Thank you for taking the time to talk to us. As you’re stepping into your professional role and integrating West Monroe’s plans to double its workforce, what is your overall vision and approach toward your role?

There are two principles I will focus on in this new role: Continuous improvement in our people-first culture and doing engaging, high-value work for our clients. As employee-owners of West Monroe, we empower people to power growth. In fact, one of our 13 core values at the firm is “quality over growth.” We strive to care more, do more, and achieve more – for ourselves, our clients, our firm, and the communities in which we live and work. Growth is not the most important part of our strategy: In our business, the most important things are the fulfillment of our employee-owners and delivering value to our clients

West Monroe is looking to double its workforce by 2024. What is your overall strategy for making this happen, and how will you balance aggressive recruiting/hiring and maintaining employee retention?

The strategy is to hire very purposely and methodically. Each August we hire a new class of campus graduates—in 2019, we hired more than 100 new graduates in Chicago alone. For experienced hires, we find that a vast majority of people who come in to interview are “sold” on the company. So, a key part of our strategy is to get them to meet with as many people as possible and experience as much of the culture as possible. Our interviews are, at minimum half-days and for more senior positions we conduct days’ worth of discussions and interviews. During this time we give them a tour of the office, meet with people on and off their teams—getting to know the culture, the people, and the opportunities through transparent conversations,

How do you see West Monroe as an organization adapting administratively to this challenge? (Also, how do you see it impacting the organization overall?)

We made the investment in 2019 to hire a chief administrative officer in Kevin Rooney, whose primary responsibility is to make us as efficient as possible—which is incredibly important for the next stage of our growth going from 1,500 to more than 3,000 employees. We also recently hired Alberto Ruocco as our chief information officer, who will be focused on creating a digital workplace that fuels an engaging, productive work environment and employee experience. We are looking inward and finding new areas of efficiency, through redesigned processes and technology, in finance, HR, onboarding, employee learning, employee communications, IT, and more. The key here is finding ways to improve our high level of client service and continuously improving our employee experience.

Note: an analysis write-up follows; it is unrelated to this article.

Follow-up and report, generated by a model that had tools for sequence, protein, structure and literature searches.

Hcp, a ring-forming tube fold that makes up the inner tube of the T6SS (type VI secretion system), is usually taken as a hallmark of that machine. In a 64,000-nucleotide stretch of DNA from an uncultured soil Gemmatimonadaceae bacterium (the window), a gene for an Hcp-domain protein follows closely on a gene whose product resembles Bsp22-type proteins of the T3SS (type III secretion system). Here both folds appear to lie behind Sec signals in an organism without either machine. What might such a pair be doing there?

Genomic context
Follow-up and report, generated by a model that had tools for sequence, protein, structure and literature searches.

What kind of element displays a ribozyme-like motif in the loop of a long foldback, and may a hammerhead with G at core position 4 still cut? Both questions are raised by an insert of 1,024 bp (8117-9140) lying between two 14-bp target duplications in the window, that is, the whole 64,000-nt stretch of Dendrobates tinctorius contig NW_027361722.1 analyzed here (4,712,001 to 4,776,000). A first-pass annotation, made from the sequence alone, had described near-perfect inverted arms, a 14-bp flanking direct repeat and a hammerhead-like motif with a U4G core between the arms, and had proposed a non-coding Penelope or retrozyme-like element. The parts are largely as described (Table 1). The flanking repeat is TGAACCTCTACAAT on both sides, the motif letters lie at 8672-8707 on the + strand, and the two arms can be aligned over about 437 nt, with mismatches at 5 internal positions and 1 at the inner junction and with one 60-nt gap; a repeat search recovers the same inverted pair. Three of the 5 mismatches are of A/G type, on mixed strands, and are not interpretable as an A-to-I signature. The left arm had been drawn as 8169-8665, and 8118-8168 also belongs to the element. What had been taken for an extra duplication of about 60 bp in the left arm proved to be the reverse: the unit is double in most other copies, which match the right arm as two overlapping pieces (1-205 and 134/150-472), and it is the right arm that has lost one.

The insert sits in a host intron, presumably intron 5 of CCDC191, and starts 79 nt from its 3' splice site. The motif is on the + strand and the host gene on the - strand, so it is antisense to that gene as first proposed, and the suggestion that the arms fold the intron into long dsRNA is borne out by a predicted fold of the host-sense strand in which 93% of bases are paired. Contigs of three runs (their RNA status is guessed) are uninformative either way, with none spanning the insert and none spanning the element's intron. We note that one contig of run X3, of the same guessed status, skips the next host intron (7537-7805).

Doubling a workforce while maintaining (or improving) profitability can be a challenge; how can an organization like West Monroe (or any organization) be aggressive in recruiting new talent while maintaining current profitability?

As a 100% employee-owned firm, our leadership pays very close attention to profitability—because not only does it determine viability for future growth, but it also affects every single employee’s financial well-being. So we balance hiring with many other factors, including profitability, employee experience, the ability to put someone to work right away, and others. But we don’t set hiring goals and push on without constantly reassessing the numbers and needs. If we see a slowdown in our future work, we hold back on hiring for a bit until our revenue pipeline bounces back. So we never hire people without having the true need for them.

West Monroe serves clients through nimble, multidisciplinary teams—industry experts, operational experts, and technologists. This team-based approach breeds a culture of collaboration and truly engaging work, which attracts smart, motivated people. If we stay true to this commitment, we will attract the right people that want to enhance our organization, our clients and our community. The financial metrics are not an input to our strategy, but rather a measure of its success.

Finally, what is it about Chicago that makes it ideal for West Monroe to engage such an ambitious hiring strategy?

The Chicago area has some of the best talent in technology, our core industries, and our key functional areas as well. With a robust campus recruiting program and alliances with local organizations, as well as our very dedicated talent acquisition team, we are able to hire hundreds of people every year in Chicago. It helps that we win the best place to work awards every year—that piques people’s interest. And we also find success in recruiting people back to Chicago—those who grew up here, but left for other cities, and are looking to come back to settle down or just return home.

I believe the workforce of the future that is currently at CPS and City Colleges are other resources we have in Chicago, and that we must all better utilize. We can complement our educational institutions to provide these students with professional experience and mentor support that will accelerate their entrance into tomorrow’s digital workplace. At West Monroe Partners, we are partnering with organizations such as Genesys Works, HFS Chicago Scholars, Chicago Apprenticeship Network, Springboard Foundation and so many more that are helping students across our city get the experience and mentorship they need to be prepared for a professional career. I look forward to partnering with industry leaders, educational institutions, and non-profits to create our future leaders and the future workforce of West Monroe Partners.

(Special thanks again to Tom Hulsebosch for his time and insight – please leave comments below or join us on our Facebook page. And as always, thanks for reading!) 

Written by gordondym

February 5, 2020 at 10:43 am